With Daniel returning for his senior season, the Tigers are in much better position to repeat their unexpected success of 2007. Last season, Daniel threw for 4,306 yards with 33 touchdowns and 11 interceptions and finished fourth in voting for the Heisman Trophy.
The Tigers' top priority this spring is replacing tailback Tony Temple, who ran 1,039 yards and 12 touchdowns last season. All-American tight end Martin Rucker and center Adam Spieker, a second-team All-American, will have to be replaced, too.
But with so much experience returning -- tight end Chase Coffman and safety William Moore also returned to school after considering the NFL draft -- the Tigers figure to be the favorites in the Big 12 North.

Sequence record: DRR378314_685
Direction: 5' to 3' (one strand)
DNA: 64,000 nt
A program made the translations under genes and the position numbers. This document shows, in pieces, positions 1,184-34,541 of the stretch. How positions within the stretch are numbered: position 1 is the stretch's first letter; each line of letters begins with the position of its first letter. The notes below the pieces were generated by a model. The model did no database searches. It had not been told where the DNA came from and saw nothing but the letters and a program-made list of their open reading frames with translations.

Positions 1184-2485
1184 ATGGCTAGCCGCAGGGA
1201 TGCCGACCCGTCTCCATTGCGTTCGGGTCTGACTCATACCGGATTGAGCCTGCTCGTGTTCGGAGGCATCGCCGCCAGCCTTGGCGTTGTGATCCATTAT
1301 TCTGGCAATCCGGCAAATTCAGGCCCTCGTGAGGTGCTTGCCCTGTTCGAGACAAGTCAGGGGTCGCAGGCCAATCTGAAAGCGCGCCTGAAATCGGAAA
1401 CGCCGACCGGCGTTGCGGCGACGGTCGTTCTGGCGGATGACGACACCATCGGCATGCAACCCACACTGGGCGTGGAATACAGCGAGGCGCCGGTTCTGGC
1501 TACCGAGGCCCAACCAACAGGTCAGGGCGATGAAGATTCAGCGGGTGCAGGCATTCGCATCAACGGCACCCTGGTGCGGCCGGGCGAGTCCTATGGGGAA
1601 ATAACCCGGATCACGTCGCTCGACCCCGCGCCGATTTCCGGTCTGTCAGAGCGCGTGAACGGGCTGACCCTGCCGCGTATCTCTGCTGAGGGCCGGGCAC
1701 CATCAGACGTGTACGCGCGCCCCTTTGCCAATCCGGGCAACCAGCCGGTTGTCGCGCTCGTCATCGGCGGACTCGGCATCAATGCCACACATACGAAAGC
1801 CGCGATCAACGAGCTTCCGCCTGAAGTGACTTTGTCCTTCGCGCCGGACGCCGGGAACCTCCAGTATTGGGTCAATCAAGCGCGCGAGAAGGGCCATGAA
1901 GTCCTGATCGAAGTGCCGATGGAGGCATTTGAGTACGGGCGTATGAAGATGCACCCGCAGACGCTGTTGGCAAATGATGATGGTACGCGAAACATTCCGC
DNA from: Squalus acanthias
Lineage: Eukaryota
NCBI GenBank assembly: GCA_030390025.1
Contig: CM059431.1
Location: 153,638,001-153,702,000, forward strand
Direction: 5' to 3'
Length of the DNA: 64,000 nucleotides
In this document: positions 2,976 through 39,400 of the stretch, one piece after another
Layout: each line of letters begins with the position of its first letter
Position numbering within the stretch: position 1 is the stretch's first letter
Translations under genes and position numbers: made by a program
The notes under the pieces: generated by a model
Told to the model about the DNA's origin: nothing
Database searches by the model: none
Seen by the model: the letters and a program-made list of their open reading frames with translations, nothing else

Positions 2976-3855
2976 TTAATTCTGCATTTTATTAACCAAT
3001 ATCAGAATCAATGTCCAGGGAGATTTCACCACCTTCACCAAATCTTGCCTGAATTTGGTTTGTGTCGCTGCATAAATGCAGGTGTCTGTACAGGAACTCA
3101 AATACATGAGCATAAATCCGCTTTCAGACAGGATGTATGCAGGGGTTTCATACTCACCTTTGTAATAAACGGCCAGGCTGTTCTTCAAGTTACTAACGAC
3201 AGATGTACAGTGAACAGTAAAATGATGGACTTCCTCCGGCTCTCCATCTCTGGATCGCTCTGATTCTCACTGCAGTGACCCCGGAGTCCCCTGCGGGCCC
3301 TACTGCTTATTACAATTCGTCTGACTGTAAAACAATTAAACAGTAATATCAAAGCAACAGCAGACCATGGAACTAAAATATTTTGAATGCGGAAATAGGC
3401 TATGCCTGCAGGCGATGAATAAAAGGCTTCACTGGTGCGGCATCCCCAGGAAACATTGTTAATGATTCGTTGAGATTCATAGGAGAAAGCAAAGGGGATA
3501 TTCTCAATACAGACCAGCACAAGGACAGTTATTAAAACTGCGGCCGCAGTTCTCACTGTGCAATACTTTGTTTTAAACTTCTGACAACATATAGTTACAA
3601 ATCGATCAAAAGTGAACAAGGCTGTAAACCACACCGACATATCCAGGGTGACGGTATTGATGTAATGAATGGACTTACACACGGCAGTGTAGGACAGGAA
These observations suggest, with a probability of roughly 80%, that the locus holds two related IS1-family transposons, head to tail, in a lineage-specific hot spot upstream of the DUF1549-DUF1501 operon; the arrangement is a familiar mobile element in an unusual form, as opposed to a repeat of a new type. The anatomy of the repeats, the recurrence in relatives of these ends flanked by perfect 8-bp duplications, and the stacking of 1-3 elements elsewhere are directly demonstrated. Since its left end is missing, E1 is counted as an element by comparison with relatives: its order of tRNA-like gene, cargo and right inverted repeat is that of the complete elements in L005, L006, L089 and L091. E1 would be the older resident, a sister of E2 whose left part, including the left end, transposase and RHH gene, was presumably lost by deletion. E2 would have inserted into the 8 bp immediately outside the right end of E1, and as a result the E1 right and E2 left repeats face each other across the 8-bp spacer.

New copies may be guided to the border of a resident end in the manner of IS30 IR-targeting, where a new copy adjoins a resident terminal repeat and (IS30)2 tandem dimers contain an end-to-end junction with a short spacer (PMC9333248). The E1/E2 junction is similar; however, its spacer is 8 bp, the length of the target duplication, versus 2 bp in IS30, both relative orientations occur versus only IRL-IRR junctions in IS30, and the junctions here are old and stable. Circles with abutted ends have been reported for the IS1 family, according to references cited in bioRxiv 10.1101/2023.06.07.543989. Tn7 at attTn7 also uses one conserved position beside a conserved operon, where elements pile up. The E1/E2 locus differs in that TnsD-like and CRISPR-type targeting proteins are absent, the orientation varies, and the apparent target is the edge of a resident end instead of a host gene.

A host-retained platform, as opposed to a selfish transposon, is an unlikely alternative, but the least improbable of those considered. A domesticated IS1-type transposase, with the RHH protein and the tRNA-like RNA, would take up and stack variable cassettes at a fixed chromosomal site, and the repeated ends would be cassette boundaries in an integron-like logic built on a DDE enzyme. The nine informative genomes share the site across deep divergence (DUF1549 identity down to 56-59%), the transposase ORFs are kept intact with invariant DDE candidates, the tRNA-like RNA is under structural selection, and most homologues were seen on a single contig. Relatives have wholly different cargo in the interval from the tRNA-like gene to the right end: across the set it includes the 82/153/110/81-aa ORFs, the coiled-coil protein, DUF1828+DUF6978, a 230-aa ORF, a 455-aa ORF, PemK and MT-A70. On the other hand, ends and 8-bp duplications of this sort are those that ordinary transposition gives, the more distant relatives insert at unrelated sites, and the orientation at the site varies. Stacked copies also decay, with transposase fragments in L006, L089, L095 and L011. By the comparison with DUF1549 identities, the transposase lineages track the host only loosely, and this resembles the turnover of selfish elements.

That's fine with Daniel, who said he returned to Missouri to accomplish even bigger things.
"It's huge for me, personally," Daniel said. "I'm going into my fourth year and I still have some things to prove."
Badgers embracing high expectations
Last season was supposed to be the year Wisconsin challenged Michigan and Ohio State in the Big Ten.
Instead, the Badgers not only finished 2007 behind the Wolverines and Buckeyes but also upstart Illinois, which beat Wisconsin and played in the Rose Bowl.
After a 9-4 season in 2007, in which the Badgers lost two of their first four Big Ten games and finished 5-3 in league play, coach Bret Bielema isn't about to lower his program's expectations.
"A common question I get with this program is, 'Bret, how you doing with the expectations, the high expectations?'" Bielema said. "I say all the time, 'I'd rather deal with high expectations than low expectations.' I want our guys to have a higher standard than a low standard."